• So, we want to avoid these bad prostaglandins which are found in saturated fatanimal fat, dairyred meat, and butter, while we increase our consumption of the goods ones, which are found in omega-3 oils and help to reduce inflammation.
  •  Inflammatory foods – It’s pretty obvious why we don’t want more inflammation in our bodies when we’re already growing unexpected tissue all over.
    • To lower your overall inflammation, avoid wheatred meatrefined sugars, and dairy.
  • Caffeine  – I know, I know, I love coffee and chocolate too. But caffeine can increase cramping and more importantly, increase estrogen levels, which we definitely don’t want since endo feeds on estrogen. Sorry, Starbucks lovers.
  • Alcohol – Alcohol robs the body of B vitamins, which are stored in the liver, and we need our livers in tip top shape so they can remove excess estrogen. The Mills and Vernon book states, “the risk of endometriosis was roughly 50% higher in women with any alcohol intake than in control subjects.”

And finally, the most controversial element, which I personally decided to avoid:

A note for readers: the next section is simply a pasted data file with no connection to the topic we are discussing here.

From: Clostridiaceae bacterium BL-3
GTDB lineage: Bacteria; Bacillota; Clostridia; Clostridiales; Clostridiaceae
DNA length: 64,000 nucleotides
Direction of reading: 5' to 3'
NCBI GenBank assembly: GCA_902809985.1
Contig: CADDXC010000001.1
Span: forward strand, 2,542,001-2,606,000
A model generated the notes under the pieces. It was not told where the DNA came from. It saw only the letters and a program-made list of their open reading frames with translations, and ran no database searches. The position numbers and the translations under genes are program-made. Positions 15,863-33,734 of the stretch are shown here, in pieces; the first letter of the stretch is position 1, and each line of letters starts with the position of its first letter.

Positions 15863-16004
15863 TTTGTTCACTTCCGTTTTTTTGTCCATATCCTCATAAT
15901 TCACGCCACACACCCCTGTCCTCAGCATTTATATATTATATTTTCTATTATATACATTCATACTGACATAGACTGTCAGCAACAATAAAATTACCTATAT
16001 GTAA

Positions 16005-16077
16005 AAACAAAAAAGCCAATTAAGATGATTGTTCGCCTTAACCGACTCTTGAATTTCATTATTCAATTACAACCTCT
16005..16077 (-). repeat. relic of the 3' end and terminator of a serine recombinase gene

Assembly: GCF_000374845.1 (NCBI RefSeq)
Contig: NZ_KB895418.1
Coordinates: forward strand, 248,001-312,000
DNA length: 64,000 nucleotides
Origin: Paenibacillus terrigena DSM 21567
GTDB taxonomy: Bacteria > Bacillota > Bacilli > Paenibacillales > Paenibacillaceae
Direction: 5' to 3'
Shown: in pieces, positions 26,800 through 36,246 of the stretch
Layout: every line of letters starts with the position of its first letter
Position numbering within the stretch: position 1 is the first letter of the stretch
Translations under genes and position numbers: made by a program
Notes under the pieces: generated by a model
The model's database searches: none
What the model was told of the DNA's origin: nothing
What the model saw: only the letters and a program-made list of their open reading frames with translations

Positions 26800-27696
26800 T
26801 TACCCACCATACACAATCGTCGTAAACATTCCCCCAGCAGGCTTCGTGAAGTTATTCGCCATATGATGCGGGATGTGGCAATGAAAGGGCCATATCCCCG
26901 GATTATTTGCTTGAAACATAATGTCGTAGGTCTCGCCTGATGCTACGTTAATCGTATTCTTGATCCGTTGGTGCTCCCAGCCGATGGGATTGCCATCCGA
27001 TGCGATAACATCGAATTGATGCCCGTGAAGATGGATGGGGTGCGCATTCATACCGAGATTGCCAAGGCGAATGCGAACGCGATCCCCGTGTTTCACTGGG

• Phytoestrogens – Phytoestrogens are naturally occurring estrogens in plants like soy, wheat, flax seed, sunflower seeds, and many others. Some researchers think that by consuming this extra estrogen, we are feeding the endo and making it worse. However, others say that these weak plant-based estrogens actually block estrogen receptors in our bodies and are therefore balancing or even lowering the amount circulating estrogen. No one can really decide, which is frustrating. The Endo Resolved site says to avoid high levels of phytoestrogens, while still eating them in balance to block the receptors. Cook’s book encourages ladies with endo to eat phytoestrogen-rich foods for that blocking benefit. The Mills and Vernon book admits that no one conclusively knows what is best and shares two studies. The first study looked at Japanese women who consume a lot of soy and have low rates of breast and uterine cancer, but high rates of endometriosis, leading them to conclude that it’s unclear what the phytoestrogens do in the body. How can they reduce these estrogen-associated cancers but increase estrogen-fueled endo? In another case, a zoo started feeding their exotic cats a diet of 50% soy protein, and they became infertile, but the fertility was restored when they were switched back to chicken!